Posted by BE on March 30th, 2011
When I first saw the story about Casey Heynes, the 16-year-old Sydney schoolboy who’d been bullied for most of his school career and who finally snapped and turned on his tormentor, I was taken back to my own experience 60 years ago at Dunmurry Primary School, just outside Belfast. You’ll need to know that Anderson & McAuley was the Belfast equivalent of Smith & Caughey or Kirkcaldie & Stains. ‘Cheeser’ was our nickname for the headmaster whose real name was Mr Chesney. This is the story as I tell it in my memoir Daddy Was A German Spy – And Other Scandals:
Like most schools, Dunmurry Primary had its resident bully. Nelson was an ugly fat boy. These days you would say that Nelson was an unhappy kid with body image issues who needed counselling. But in those days it was OK to say that Nelson was an ugly fat boy. Nelson threw his weight around – literally. He would jump on your back, then punch your lights out when you were on the ground. No one ever fought back and unless one of the teachers was around, no one ever came to the victim’s rescue. Nelson could have starred in a 50’s Western as the really bad dude who terrorises the town. Where was The Lone Ranger when you needed him?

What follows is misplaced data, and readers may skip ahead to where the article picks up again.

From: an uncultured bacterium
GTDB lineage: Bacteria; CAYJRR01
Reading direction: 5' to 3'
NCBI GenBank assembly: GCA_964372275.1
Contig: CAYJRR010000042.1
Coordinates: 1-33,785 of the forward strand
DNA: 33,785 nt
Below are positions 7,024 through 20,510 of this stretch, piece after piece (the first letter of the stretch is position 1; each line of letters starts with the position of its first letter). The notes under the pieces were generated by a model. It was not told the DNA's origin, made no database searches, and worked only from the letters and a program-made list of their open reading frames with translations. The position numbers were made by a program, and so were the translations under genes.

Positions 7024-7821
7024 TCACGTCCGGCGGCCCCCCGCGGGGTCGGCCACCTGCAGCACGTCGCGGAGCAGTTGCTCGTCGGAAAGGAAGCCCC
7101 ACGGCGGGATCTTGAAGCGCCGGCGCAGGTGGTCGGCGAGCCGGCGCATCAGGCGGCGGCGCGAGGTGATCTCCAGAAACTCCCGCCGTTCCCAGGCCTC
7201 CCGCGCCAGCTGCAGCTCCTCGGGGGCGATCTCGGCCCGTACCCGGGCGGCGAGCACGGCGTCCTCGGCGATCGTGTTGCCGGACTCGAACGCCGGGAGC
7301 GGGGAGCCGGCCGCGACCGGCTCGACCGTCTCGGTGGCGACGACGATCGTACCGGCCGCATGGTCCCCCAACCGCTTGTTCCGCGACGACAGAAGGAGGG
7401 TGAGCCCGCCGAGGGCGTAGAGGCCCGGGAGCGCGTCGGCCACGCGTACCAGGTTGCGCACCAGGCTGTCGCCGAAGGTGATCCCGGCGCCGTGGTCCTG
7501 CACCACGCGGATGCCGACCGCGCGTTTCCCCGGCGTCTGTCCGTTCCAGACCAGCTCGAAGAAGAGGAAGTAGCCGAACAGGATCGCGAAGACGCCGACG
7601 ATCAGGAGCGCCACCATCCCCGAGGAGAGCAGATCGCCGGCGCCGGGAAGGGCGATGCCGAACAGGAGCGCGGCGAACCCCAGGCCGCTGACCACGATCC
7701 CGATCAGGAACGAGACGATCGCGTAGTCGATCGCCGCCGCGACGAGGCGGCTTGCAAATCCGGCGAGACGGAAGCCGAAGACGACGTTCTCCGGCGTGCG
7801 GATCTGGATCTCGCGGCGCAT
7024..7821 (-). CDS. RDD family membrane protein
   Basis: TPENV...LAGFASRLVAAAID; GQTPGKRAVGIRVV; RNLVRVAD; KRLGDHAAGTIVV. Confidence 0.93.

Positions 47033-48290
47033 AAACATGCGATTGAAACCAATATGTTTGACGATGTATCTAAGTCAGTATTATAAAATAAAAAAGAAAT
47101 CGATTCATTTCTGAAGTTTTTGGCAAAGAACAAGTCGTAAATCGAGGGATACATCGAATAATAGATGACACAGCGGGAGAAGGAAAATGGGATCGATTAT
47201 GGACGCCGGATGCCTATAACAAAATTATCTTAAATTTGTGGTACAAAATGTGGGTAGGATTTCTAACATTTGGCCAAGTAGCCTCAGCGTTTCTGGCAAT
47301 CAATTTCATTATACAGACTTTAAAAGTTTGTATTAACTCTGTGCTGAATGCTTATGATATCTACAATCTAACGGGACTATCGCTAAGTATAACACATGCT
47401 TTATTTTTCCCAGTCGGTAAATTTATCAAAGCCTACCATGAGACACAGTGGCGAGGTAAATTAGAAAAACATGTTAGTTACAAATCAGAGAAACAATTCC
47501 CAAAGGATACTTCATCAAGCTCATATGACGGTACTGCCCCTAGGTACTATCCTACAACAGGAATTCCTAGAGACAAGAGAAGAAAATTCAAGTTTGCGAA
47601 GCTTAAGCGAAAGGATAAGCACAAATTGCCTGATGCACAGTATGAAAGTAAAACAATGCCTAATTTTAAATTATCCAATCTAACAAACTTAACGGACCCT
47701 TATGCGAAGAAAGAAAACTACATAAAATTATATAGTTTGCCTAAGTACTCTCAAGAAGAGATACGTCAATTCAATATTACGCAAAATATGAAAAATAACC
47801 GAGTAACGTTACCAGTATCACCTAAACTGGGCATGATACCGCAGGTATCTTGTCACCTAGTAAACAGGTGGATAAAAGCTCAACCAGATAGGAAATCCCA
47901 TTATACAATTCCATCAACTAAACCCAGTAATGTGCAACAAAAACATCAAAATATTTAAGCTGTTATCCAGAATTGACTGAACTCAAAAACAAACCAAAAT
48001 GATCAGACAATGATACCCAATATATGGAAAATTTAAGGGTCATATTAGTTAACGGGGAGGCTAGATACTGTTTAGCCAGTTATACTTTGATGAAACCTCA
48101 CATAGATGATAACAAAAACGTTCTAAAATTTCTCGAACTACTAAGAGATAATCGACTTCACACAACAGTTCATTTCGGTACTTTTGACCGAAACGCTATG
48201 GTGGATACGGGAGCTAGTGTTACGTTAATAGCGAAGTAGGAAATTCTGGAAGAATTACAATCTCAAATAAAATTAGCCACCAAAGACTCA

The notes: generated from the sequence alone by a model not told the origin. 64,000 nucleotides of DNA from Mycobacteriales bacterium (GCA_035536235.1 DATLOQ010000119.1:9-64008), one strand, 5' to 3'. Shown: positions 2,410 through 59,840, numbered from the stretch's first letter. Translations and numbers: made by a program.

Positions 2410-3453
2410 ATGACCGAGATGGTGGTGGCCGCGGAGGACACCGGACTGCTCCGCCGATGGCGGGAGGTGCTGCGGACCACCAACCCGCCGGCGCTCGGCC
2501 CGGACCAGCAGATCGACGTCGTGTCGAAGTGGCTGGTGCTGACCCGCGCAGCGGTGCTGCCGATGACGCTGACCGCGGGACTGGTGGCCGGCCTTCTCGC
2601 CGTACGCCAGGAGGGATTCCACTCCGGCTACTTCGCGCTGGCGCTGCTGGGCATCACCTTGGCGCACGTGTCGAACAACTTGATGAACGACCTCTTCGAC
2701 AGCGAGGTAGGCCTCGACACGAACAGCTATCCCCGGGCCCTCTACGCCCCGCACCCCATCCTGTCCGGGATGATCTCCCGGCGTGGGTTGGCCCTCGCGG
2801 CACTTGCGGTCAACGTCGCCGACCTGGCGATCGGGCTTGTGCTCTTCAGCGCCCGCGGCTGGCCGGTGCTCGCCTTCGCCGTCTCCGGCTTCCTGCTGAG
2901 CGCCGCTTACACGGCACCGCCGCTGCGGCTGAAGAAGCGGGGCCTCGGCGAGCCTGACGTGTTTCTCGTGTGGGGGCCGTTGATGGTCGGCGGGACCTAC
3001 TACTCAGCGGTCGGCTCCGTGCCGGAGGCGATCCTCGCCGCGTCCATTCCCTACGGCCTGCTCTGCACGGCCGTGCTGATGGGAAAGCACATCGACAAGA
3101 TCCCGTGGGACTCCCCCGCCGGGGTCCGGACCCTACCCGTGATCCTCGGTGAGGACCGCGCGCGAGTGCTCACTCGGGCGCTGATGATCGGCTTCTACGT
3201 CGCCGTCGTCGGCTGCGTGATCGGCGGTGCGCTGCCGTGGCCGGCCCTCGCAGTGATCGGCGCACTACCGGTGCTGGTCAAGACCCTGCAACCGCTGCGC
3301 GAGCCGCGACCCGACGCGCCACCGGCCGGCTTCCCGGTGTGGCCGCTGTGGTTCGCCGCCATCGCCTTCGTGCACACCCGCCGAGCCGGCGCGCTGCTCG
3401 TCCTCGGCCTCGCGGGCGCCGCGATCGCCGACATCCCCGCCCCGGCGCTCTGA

I was a favourite target for Nelson whose bully radar may have detected a nervous kid with pacifist tendencies. You never saw him coming. Nelson didn’t bother with foreplay. There were no threats or intimidation to warm things up. You suddenly found yourself spread-eagled beneath a mountain of pummelling lard.
I put up with this for several months. Then, one day, something snapped. Nelson had just had his fill of beating the crap out of me and was wandering off in search of another victim when he got a sudden surprise. The wimp Edwards had appeared from nowhere and was riding on his back, his skinny arms round Nelson’s throat, kicking the living daylights out of the back of Nelson’s knees. A small crowd had gathered.
‘Fight! Fight! Fight!’ Read the rest of this entry »